I look some more and find that the old piece of tape stuck on the plate reads ‘SUPERPRO ONLY.’ This was no typical parallel port.

So now I needed this card. I panicked. Is that ISA? It’s ISA! It’s definitely not PCI. Current solutions out there for ISA-to-USB conversion is in the $250+ range, beyond that there are industrial-level computers boasting 20 ISA slots for $thousands. I checked my stash and while I found a PII 200MHz machine, alas no ISA slot.

I slept on the issue, and thank goodness.

The next morning I tore into my closet–ah-ha! My family’s second computer! I saved it from the curb after dad replaced it with a Dell over a decade ago, and my last hope at finding an ISA slot.

I was rewarded with three. Success! I put the card in and set to work. Running the software under (a fresh!?) installation of Windows 2000 that was already loaded onto the PC (the name of the computer hinted that apparently I tried to use it as a server at some point) was a futile task. Windows kept asking me about memory access and the addresses required were at least partly eclipsed by the ISA NIC.

I pulled the NIC, pulled the HDD, found an old IDE drive in the basement, and set to work installing DOS 7.1.

Loading the software up again and it just worked™. To my amazement the software was happy, the lights on the Superpro illuminated, and it was ready to work. I grabbed the lot of EPROMs which I had the forethought to order ahead of time, on eBay, and set them up in the UV eraser. Growing up with DOS, loading the software using only a keyboard was a breeze.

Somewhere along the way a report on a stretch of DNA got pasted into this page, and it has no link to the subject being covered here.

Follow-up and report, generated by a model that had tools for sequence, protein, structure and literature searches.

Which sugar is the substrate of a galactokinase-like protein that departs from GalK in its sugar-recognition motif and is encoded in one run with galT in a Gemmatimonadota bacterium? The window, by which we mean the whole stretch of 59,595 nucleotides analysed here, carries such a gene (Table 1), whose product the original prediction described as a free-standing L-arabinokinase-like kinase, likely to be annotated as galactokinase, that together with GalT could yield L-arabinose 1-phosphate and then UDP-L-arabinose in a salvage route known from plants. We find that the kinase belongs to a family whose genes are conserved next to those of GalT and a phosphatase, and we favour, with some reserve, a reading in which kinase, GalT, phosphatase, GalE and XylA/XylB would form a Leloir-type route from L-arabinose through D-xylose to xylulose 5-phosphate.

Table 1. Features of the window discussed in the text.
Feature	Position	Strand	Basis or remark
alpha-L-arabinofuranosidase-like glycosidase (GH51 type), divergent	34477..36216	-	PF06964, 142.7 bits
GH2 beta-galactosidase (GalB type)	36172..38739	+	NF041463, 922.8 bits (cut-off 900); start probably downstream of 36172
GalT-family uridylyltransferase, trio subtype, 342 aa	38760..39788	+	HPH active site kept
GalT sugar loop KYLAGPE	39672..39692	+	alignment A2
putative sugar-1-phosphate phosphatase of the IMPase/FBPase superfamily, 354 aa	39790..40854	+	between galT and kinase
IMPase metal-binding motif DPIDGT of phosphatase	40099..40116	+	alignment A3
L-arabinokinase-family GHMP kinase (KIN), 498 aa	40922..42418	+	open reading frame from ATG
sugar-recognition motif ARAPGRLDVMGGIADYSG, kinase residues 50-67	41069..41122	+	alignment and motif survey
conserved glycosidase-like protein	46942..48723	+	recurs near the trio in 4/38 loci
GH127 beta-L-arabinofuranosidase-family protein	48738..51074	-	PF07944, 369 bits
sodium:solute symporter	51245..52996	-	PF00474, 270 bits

So now I had a couple 28-pin devices and I had to get them to work in a circuit board that has 24-pin IC sockets.

Oh, and the pin assignments don’t line up.

Right, and some chip-select signals need to be relocated.

Ah yes, the power pins are incorrect as well…

This involved developing a set of stacked-and-soldered IC sockets. Some pins are clipped and the signals are routed to the correct location via magnet wire, however this is a bit of a kluge and is causing some clearance issues with neighbouring cards.

Reworking the ROM card itself, I found three solutions, each involving different ways of reconnecting gates and adding different jumpers.

During one stint of testing I was rewarded with traces! The traces were gone with a power cycle, but came back after a few resets. Intermittent issue… great.

To-date I have tried all three and have exchanged some personal messages with those who have had success, baffled at why their method is not working in my device. One theory is that the CS signals are fighting, but with work starting back up again, I need to change my focus if only temporarily.

I wish I could end this on a lighter note, but after three weeks I still do not have a functional 7854. I’ve since ordered a paper-copy of the service manual so that I may further study the schematics. Ultimately I would love to design my own drop-in replacement PCB as at this stage I’ve begun to lift traces. I have another MOSTEK-filled ROM card on the way to continue my experiments with and when I get my replacement card designed, I will share that journey with you all!




Comments are closed.